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Hard Work & Dedication

Carl Paulson's Road Back To Playing On The Tour; Part II

By: Kristi Gomen
Posted: July 10, 2007

There is not one lead-in that justly describes the amount of work and determination Carl Paulson, PGA Tour professional, has been doing since we first introduced you to his situation in our Spring 2007 issue.  With herniated discs in his lower back and spine surgery looking like the only option, Carl opted for the long road to recovery through strength training and physical therapy.  In this Part 2 of our conversations with Carl, we learn that he has not only continued to work daily on recovering  he is more determined than ever to return to the tour, golf fit and mind strong.

In Part I of our story, we introduced you to Paulson, his world-renowned Neurosurgeon, Dr. Robert Masson, of Neurospine Institute in Central Florida, and his physical trainer Charles Goodnough.  With the decision to forego spine surgery because of his athletic career and his livelihood depending on him playing golf again, Carl and the team at Neurospine Institute put together a sport specific program that would focus returning Carl to the course and protecting the injured area “ I knew that if I could challenge myself to try to correct my injury through physical strength training, that my golf game would benefit from it immensely, I just had to challenge myself, my patience and my mental attitude to not give up and know that this would be the best solution,” stated Paulson.  
 As we sat down one afternoon after his workout with his trainer Charles Goodnough, one of the many team members from the Neurospine Institute, we had the privilege of discussing where Carl is at this point in his recovery since our last conversation, his plans of returning to the tour, and most importantly the basis of his work-out routine.

Golf Fitness Magazine:  So how are you doing this month Carl?

Carl Paulson:  “I am feeling stronger than I ever have, my body is definitely transforming.”

GFM:  Charlie, what do you feel should be any physical trainer’s purpose when you train or rehabilitate someone?

CG:  A good trainer has two purposes, to motivate and to educate.  As in Carl’s case, I expect him to be able to walk away and in time do things on his own and know what muscles to work on and what to muscles to protect.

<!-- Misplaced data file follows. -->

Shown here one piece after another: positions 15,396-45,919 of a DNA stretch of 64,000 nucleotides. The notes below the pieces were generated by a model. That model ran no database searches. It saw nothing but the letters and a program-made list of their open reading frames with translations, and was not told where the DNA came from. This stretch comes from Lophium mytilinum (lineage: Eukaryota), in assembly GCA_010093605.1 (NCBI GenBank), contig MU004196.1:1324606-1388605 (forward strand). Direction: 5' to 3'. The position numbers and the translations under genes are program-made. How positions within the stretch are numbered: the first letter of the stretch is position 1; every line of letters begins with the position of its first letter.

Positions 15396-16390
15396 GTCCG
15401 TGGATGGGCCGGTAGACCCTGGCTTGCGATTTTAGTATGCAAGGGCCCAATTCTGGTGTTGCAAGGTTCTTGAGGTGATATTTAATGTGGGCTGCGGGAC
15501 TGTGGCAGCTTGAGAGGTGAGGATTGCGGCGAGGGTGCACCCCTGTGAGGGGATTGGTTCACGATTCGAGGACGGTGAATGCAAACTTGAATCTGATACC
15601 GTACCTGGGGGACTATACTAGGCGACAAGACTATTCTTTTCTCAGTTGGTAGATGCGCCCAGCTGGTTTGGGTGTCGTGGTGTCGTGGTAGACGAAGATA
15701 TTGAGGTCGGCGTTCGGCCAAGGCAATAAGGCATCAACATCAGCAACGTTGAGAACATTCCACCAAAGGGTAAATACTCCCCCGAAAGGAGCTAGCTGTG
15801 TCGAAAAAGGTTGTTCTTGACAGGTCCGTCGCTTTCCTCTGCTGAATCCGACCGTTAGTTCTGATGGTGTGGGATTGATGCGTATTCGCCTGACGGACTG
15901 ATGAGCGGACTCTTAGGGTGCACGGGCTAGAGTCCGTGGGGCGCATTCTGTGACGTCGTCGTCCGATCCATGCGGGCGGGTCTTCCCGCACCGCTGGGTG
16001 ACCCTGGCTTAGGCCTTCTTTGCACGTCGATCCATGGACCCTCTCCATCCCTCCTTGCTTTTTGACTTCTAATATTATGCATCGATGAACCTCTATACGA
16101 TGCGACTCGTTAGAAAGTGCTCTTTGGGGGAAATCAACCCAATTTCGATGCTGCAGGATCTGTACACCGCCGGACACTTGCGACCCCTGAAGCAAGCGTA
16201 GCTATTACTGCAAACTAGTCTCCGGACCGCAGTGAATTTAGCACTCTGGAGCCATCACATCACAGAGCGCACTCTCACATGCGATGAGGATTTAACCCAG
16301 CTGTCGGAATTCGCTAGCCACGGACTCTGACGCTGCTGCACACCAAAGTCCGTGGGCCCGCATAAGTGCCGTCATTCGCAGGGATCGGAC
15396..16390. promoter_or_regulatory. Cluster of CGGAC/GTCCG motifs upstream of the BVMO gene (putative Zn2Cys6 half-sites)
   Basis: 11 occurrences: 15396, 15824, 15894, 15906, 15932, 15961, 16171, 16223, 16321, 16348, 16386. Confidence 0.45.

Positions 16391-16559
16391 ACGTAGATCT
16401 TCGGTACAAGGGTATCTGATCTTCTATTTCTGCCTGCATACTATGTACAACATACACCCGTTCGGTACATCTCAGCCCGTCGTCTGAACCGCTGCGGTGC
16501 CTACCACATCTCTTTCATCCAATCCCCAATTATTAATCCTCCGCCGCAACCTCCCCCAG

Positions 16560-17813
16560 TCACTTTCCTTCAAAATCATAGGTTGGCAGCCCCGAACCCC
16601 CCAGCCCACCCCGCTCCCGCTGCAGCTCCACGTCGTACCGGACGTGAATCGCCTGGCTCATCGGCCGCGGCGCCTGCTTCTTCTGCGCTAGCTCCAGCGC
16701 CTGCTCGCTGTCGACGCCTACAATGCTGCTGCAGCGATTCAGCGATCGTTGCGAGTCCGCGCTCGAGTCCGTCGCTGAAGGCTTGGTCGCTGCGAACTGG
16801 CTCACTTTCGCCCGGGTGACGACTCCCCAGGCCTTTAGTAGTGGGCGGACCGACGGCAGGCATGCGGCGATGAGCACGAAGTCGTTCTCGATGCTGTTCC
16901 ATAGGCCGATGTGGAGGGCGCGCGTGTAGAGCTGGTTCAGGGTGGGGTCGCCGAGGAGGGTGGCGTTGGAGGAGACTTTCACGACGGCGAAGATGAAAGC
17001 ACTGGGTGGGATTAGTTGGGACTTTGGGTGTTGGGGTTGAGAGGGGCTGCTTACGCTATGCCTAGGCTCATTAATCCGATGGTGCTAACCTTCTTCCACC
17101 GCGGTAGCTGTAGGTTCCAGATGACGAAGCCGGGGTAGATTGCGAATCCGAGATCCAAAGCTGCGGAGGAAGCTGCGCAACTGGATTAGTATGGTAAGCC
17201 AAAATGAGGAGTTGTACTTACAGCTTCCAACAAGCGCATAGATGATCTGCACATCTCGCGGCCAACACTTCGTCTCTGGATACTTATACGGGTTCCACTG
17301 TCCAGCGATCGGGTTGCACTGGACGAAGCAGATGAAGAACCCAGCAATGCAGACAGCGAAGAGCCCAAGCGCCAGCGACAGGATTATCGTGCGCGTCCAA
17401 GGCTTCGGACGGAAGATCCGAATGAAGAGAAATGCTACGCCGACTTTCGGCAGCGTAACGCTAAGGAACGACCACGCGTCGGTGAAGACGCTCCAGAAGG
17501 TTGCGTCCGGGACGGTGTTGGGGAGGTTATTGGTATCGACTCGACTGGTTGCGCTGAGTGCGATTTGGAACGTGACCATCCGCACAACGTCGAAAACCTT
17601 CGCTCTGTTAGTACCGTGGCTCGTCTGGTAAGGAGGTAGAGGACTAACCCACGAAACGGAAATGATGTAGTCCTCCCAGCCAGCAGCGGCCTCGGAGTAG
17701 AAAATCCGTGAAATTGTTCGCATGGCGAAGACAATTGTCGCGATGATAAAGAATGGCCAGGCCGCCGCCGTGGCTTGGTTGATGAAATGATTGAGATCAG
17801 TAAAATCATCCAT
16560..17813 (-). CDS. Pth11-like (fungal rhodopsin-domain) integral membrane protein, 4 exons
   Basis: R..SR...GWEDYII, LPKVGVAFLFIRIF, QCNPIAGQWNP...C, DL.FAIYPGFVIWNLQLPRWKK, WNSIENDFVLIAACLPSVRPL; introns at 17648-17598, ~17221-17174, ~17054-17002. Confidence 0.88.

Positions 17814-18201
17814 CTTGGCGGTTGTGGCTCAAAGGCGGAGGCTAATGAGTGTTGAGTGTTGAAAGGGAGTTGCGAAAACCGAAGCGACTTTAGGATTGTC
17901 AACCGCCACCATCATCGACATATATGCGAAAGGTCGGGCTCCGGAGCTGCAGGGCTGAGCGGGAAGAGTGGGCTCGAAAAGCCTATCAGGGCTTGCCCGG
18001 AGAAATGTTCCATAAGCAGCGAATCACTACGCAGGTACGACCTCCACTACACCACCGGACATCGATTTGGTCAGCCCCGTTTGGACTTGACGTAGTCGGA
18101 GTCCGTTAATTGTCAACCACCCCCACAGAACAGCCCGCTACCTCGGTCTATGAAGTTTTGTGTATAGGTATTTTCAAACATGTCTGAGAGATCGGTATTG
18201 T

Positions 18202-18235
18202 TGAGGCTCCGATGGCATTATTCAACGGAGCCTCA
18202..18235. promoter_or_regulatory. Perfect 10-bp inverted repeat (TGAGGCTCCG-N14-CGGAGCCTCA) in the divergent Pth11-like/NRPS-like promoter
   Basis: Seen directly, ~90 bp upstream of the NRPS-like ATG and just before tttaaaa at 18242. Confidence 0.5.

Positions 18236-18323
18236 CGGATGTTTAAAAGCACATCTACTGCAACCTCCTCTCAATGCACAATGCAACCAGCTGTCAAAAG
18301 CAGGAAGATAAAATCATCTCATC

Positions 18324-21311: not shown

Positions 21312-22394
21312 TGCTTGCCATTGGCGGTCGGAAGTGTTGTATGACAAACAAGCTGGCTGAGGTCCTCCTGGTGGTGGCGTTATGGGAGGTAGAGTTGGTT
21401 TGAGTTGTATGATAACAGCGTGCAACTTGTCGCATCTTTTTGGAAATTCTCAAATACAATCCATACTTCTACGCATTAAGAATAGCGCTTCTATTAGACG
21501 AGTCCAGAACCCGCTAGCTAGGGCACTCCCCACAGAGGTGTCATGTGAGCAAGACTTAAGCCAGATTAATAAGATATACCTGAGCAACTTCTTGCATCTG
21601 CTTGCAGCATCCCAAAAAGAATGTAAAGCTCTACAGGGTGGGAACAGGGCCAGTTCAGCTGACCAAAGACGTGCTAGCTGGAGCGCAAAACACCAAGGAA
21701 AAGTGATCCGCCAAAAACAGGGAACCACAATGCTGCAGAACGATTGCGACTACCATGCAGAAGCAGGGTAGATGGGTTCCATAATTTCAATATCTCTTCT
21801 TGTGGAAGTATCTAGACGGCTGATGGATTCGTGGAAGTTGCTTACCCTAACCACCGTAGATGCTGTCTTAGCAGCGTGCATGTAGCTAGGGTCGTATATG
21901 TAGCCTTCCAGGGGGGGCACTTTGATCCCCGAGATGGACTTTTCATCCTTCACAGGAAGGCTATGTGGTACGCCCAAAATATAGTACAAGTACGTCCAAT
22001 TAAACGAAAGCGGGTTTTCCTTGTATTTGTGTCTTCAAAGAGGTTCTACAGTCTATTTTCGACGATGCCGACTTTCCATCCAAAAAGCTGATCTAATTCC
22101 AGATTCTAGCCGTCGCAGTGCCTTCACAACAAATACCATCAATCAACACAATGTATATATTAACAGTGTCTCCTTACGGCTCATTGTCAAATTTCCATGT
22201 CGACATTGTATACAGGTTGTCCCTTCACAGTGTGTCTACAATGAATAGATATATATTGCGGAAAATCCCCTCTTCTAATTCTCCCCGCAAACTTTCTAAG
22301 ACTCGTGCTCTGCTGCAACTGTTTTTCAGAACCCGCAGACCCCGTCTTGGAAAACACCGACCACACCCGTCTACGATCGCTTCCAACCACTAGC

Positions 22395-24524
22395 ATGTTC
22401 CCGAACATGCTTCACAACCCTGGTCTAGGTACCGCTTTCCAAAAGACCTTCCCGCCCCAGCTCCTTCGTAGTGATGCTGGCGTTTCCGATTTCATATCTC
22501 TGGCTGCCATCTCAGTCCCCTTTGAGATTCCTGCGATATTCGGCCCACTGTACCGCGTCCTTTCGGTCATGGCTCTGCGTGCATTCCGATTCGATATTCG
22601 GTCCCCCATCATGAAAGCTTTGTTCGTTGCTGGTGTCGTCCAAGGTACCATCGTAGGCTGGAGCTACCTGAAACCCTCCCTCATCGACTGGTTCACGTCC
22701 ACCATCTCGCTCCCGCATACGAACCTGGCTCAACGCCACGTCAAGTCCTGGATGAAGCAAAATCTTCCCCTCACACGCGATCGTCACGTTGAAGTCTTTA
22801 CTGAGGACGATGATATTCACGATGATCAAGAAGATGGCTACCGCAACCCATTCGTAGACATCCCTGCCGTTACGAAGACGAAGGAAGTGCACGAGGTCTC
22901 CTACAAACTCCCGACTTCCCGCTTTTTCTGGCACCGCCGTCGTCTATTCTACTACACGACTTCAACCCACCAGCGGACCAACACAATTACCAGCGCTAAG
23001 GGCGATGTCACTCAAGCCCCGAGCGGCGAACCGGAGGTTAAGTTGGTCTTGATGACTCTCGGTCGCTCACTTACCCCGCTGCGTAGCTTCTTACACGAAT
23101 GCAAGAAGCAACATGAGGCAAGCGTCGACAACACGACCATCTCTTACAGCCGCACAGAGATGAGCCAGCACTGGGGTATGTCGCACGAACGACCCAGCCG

GFM:  Can you be a little specific in describing Carl’s program to our readers.

CG:   In the system that we designed for Carl, we are making sure that his body progresses, but at the same time we are keeping him in a safe comfort zone, but not allowing his body to get to adjusted to a specific way.  If we allow his body to get too used to one specific routine, it would prohibit growth in a positive direction.  This could then affect him directly on the course.  By continually changing things around, this allows him to utilize his full swing capacity on the course in whatever the situation might  be—this utilization of full muscles strength, control and capacity on the course is of course called Pro Golf—and that is what we strive for daily.
GFM:  Can you be a little bit more specific?

CG: On the technical side of things, we have put Carl on a 3 muscle group type rotation.
This rotation consists of the primary, secondary and then primary muscles again.  For example; one muscle group would consist of the triceps, shoulder and chest. So if we were working on the chest as the primary muscle, we would have the triceps and shoulder being worked on but being considered our secondary group. With this technique we will use the pre-exhaust principle of decreasing weight as he fatigues, this makes him work harder and decreases the chance of injury.  Carl’s routine will start with a warm-up and stretching, then we will go into our comprehensive program of his injury and sports specific exercises and then he will conclude with an activity after the workout, like swinging the golf club 20-30 times so as not to loose his skill and touch.

GFM:  Carl, what is your confidence level like now?

CP:  Since I first started my road to recovery, my confidence level has gone up immensely.  Knowing your body and being in control of your body and your muscles allows you to ultimately be in control of your swing.  When I first began working out, I could barely do 17 push-ups, now I am doing anywhere from 200-500 each time we work out.

CG:  Carl’s work ethic is very good and he is very easy to work with.
GFM:  Carl, what is next, I mean what do you hope that our third part to this series will reveal to our readers about your recovery?

CP:  I would hope it would be about how I am spending the majority of my time on the course and not in the gym and that my body has made a complete transformation.  Also, most importantly would be that in my on course practicing, I have learned to apply my training to my swing.  Last but not least would of course be my plans to return to the tour!

Stay tuned for the fall issue of Golf Fitness Magazine, in which we see how Carl is progressing and we follow him on the course and talk about his plans to return to the tour.